by means of which * * * the said west wall was made to fall, * * * thereby destroying and damaging the property of plaintiff therein contained * * * to the extent of $3,000." The answer is a general denial. The circuit court forced plaintiff to a nonsuit, by giving an instruction in the nature of a demurrer to the evidence. It is therefore proper to outline the facts upon which plaintiff relies as constituting his cause of action. In so doing, he is entitled to the benefit of the most favorable view of his case that the evidence warrants, and of every reasonable inference therefrom. So viewed, the substance of his case is this: The plaintiff's building was a two-story brick, in which he carried on business. It stood 2 inches from the eastern boundary of defendant's property, and extended from the street line some 72 feet southward. The excavation to which the damage is ascribed was made upon defendant's lot, close along that boundary line. This line ran at a right angle to Ninth street, on which plaintiff's house fronted. Both the lots reached southward from the street 125 feet, to an alley. The defendant proposed erecting an engine house on its lot; and in prosecuting that purpose contracted in writing with a firm for the necessary excavating and masonry for the foundations. Some of the terms of that contract will be mentioned later. The contractors sublet the excavating to another, who began its performance, having a foreman there in charge of a number of workmen and teams. The defendant's chief engineer occasionally visited the work, but the actual superintendence, under the first contract mentioned, was mainly exercised by Mr. Butts, the engineer's assistant, who remained on the ground. The foreman of the digging party testified that the subcontractor placed him under the orders of Mr. Butts, and that the work was accordingly done as the latter directed. About the time the excavating began, plaintiff had an interview with Mr. Butts, in which he asked "if he thought it was not dangerous to be taking dirt away," (namely, from "alongside of the wall;") to which Mr. Butts replied that "there was not going to be any injury to the building. Of course, he was going to take it out in sections and wall it up as they went along." Plaintiff says that that "kind of satisfied" him. The house fell about a week later. Plaintiff observed the work meanwhile. A trench some 5 feet wide and from 7 to 11 feet deep was first dug, near defendant's east boundary line, from the street to a point about opposite the south end of plaintiff's building, some 72 or 73 feet. The foundation of the latter was at a depth of 11 feet from the natural surface. They then began at the street line, and carried the trench to a further depth of about 2 feet (a total depth of about 13 feet) for a distance of 25 or 30 feet from the street. The concrete and footing stone of defendant's foundation wall were then laid in the space or section. Three days later, according to the testimony of the foreman of the excavators, Mr. Butts directed him to "take out the remainder of the ditch," and he proceeded to do so, excavating to the additional depth of 24 to 26 inches (to correspond with the level of the first section) along the entire building line opposite plaintiff's house, a stretch of 40 odd feet from the end of the first section. Mr. Butts was present while this work was being done. The job was begun at half past 2 o'clock, and was finished about half past 5 o'clock of the same afternoon. That night, about 10 o'clock, a large part of plaintiff's building slipped into the excavation, on account, as it is claimed, of that removal of its lateral support; but that portion of the house which faced the masonry work of the first section of defendant's foundation (for a distance of 26 feet from the street front) remained in place. The soil of the locality is that of the Missouri river bottom, — a mixture of sand and loam, formed by alluvial deposits. There was abundant evidence of experienced builders and civil engineers that the customary way of removing such soil for foundations adjacent to and below that of other buildings is to take out the earth in sections of 10 to 16 feet, each, in length, and to substitute the new foundation in each section before opening the next one; that any other mode of doing such work is likely to result as in the present case; but that building in sections involves an expense from 18 to 30 per cent. greater than the cost of proceeding without subdividing the work in that manner. On these facts the trial court declared that plaintiff had no cause of action, and he has appealed against that ruling.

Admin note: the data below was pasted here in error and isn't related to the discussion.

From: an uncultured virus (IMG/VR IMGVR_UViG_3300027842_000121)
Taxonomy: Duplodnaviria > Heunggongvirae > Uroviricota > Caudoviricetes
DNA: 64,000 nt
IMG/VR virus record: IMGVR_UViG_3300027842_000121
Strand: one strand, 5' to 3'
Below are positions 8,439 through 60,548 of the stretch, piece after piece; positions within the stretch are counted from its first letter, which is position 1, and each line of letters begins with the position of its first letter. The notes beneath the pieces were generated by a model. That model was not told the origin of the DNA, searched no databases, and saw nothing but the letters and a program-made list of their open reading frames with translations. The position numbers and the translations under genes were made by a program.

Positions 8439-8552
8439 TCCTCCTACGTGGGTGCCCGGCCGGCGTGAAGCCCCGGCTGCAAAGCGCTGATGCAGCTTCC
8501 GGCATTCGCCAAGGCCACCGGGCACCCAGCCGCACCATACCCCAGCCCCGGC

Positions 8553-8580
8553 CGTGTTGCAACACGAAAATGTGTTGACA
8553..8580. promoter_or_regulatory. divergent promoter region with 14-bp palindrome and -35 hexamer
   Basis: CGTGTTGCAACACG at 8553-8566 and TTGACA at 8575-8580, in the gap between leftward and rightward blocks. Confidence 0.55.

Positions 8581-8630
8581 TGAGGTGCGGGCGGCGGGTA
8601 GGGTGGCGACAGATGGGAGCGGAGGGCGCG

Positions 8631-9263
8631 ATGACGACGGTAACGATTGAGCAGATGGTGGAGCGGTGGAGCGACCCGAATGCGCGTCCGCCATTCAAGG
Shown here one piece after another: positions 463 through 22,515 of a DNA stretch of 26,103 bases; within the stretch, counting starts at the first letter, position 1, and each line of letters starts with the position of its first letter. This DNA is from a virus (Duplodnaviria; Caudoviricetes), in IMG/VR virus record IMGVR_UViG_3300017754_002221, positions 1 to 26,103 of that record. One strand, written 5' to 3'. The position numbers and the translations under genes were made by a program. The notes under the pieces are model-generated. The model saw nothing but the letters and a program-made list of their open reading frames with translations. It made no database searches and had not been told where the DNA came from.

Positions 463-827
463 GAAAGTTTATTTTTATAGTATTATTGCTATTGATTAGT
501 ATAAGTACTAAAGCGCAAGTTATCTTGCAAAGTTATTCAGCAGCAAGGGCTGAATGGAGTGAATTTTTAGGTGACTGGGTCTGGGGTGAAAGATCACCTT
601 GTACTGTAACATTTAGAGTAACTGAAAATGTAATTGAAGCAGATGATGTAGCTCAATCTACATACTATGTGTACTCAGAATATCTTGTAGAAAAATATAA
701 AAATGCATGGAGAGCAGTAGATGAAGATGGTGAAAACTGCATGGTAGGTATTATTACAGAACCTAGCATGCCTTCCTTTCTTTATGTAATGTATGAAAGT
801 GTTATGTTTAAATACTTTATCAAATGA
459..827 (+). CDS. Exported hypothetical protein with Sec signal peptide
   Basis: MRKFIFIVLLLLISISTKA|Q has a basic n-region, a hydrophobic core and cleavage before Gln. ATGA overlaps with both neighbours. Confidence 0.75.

1. Before reaching the main issue, it will be well to dispose of a subordinate one, touching the responsible connection between defendant and the digging force, to whose acts the consequences complained of are ascribed. The defendant claims that those acts were done, in effect, by a contractor independent of its control, and that it is not liable on account thereof. It is now an accepted rule that supervision of such work may be retained without interfering with the independent action or liability of contractors who have engaged to perform it or subdivisions of it; but in the case at bar the contract under which the work was done goes much further. It declares that "the excavation shall be carried to such general depth as may be indicated by the engineer. Excavations for the trenches and piers will be made as required from time to time in the progress of the work, and to such an extent as may be indicated by the engineer." Along with this language are statements that the engineer was "in charge of the work," and that men who refused or neglected to obey his orders were to be discharged by the contractors. Now, the very act complained of here is the digging of the trench too long and too deep in the circumstances. That act is charged as negligence. It was ordered by defendant's representative on the spot, acting for the chief engineer, who had express power to direct "by his authorized agents" as well as personally. The work was done precisely as ordered. Thus it was the exercise of the discretion or judgment vested in the supervising authority which caused the catastrophe;